“[Artificial intelligence] also has the potential to improve aspects of the criminal justice system, including crime reporting, policing, bail, sentencing, and parole decisions. The Administration is exploring how AI can responsibly benefit current initiatives such as Data Driven Justice and the Police Data Initiative that seek to provide law enforcement and the public with data that can better inform decision-making in the criminal justice system, while also taking care to minimize the possibility that AI might introduce bias or inaccuracies due to deficiencies in the available data.”  — White House: Preparing for the Future of Artificial Intelligence (Oct. 2016)

More recently, some state and local governments have responded to the backlash over facial recognition by banning or limiting its use by law enforcement and others, though some point to privacy and surveillance overreach as the primary reasons for those actions. Even so, banning or limiting one technology does not address the wider systemic bias problem known to affect other data-based systems, most of which see far less media attention than facial recognition.

The Calls for Artificial Intelligence Regulations Get Louder

Spurred by protests, negative media attention, and employee activism, as well as the current uncertainty surrounding legal liability and damages facing those operating in the artificial intelligence sector, some of the top technology companies have petitioned Congress and the White House to regulate artificial intelligence.

Federal lawmakers’ responses, however, while seemingly well-intentioned, fall short of what is actually needed. Bills like H.R.6216 (the “National Artificial Intelligence Initiative Act of 2020”; Mar. 12, 2020) would provide funding for research and education related to “methods to assess, characterize, and reduce bias in datasets and artificial intelligence systems,” but workable “methods” have already been thoroughly vetted by the likes of AI Now (2019), Future of Life (2017), and artificial intelligence thought leaders at some of the tech companies calling for regulations.  More research and education would certainly help better understand the scope of the inherent bias problem, but they do little to block existing discriminatory systems and applications from being deployed and used today.

Other legislative proposals seem to take a more targeted approach, like H.R.2202 (the “Growing Artificial Intelligence Through Research Act”; Apr. 10, 2019), which purports to “strengthen research, development, demonstration, and application in the fields of artificial intelligence science and technology by…identifying and minimizing inappropriate bias in data sets, algorithms, and other aspects of artificial intelligence.”  Then again, the bill focuses more on research than providing a definitive framework for solving the bias problem or holding violators accountable.

Still other measures, like S.3284 (the “Ethical Use of Facial Recognition Act”; Feb. 12, 2020) and most recently H.R.7120 (the “George Floyd Justice in Policing Act”; Jun. 25, 2020), go beyond education and research in favor of limited bans on technology, at least until meaningful solutions can be found.  But even proposals to ban problematic technologies are likely to end up bogged down in Congressional committees and go nowhere, a fate most earlier proposals have seen. Congress needs to avoid partisanship and the distractions of the pandemic and upcoming election and take meaningful action now to stop bias in data-based systems.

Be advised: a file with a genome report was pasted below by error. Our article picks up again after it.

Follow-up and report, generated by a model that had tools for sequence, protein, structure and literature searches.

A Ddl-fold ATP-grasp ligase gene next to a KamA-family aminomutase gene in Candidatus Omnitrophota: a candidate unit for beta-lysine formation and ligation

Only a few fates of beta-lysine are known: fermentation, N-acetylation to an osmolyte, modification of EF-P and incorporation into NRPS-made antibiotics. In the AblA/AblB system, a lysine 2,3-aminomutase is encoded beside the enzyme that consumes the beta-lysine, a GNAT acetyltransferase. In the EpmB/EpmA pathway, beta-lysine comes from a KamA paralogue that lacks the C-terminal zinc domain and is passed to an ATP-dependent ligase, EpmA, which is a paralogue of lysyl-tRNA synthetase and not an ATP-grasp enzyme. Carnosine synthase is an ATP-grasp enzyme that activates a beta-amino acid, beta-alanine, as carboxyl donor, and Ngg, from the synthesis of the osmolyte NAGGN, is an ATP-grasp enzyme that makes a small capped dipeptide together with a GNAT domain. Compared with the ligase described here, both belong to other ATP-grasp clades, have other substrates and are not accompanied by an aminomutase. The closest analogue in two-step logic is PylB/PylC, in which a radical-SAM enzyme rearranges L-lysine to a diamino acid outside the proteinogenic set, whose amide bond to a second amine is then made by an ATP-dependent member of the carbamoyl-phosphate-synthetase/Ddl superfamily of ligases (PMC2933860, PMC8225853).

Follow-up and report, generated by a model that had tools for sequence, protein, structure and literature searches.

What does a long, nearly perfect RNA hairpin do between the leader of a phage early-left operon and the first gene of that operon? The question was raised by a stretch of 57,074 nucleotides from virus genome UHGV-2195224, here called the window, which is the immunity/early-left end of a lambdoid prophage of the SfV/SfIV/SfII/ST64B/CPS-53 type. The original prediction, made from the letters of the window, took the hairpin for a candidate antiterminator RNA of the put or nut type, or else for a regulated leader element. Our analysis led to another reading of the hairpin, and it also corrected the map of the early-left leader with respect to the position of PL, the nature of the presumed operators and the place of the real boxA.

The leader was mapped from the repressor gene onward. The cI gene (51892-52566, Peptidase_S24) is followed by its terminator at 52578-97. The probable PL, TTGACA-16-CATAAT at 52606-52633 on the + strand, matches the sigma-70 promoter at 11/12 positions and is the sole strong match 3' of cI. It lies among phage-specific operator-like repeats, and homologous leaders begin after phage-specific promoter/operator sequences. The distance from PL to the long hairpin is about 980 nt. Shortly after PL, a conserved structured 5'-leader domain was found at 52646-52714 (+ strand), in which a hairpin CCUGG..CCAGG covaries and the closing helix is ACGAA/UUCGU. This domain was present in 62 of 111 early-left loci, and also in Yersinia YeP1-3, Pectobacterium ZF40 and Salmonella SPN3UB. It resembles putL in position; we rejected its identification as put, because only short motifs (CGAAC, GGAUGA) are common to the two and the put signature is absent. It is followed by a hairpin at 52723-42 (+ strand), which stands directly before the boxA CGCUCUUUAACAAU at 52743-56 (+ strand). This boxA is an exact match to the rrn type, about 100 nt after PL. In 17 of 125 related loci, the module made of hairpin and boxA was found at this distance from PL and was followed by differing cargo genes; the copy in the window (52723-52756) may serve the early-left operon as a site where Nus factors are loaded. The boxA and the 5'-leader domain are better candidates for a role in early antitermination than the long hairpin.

As an initial step, Congress should listen to technologists and pass laws containing milestones leading to the development of technical and non-technical standards concerning fairness, accountability, transparency, and preventing bias and discrimination in artificial intelligence system outputs, consistent with existing civil rights and anti-discrimination laws.  Standards and criteria will be needed by both regulators and those they regulate to assess levels of compliance with anti-bias measures, whether those assessments are risk-based, based on objective testing, or use some other investigatory approach.

Lawmakers should also pass legislation consistent with goals of the Federal Data Strategy’s Data Ethics Framework (2020 Action Plan), expanded to encompass private sector datasets.  This could include appropriating funds for the formation of data repositories full of good non-proprietary datasets, updated regularly to reflect a diverse world, and made available to the public.  Absent a national plan for data, a handful of large technology companies will likely continue to create and control large datasets and, in turn, dominate the artificial intelligence industry (which is an altogether different problem needing Congress’s attention).

Lawmakers should also look to state legislatures for examples of other types of guardrails. Washington State, for example, the first state to curb use of facial recognition technology by law enforcement, requires its public agencies to independently test for “accuracy and unfair performance differences” when a decision system relies on skin tone, gender, age and certain other characteristic features. Similar tests could be developed for data-based decision systems that use other features, including demographic, behavioral, and geographic characteristics that historically have been used to discriminate.

As a backstop, lawmakers could also provide a private right of action in the event unregulated biased systems enter commerce and cause harm.  Without a means for aggrieved persons to sue for damages, any law aimed at reducing structural bias in data-based systems could be weakened from the start. The alternative to a private right of action is codified statutory damages or civil penalties, but to be effective as deterrents, the amounts of damages or civil fines must be sufficiently large to tilt a company’s cost-benefit analysis toward compliance.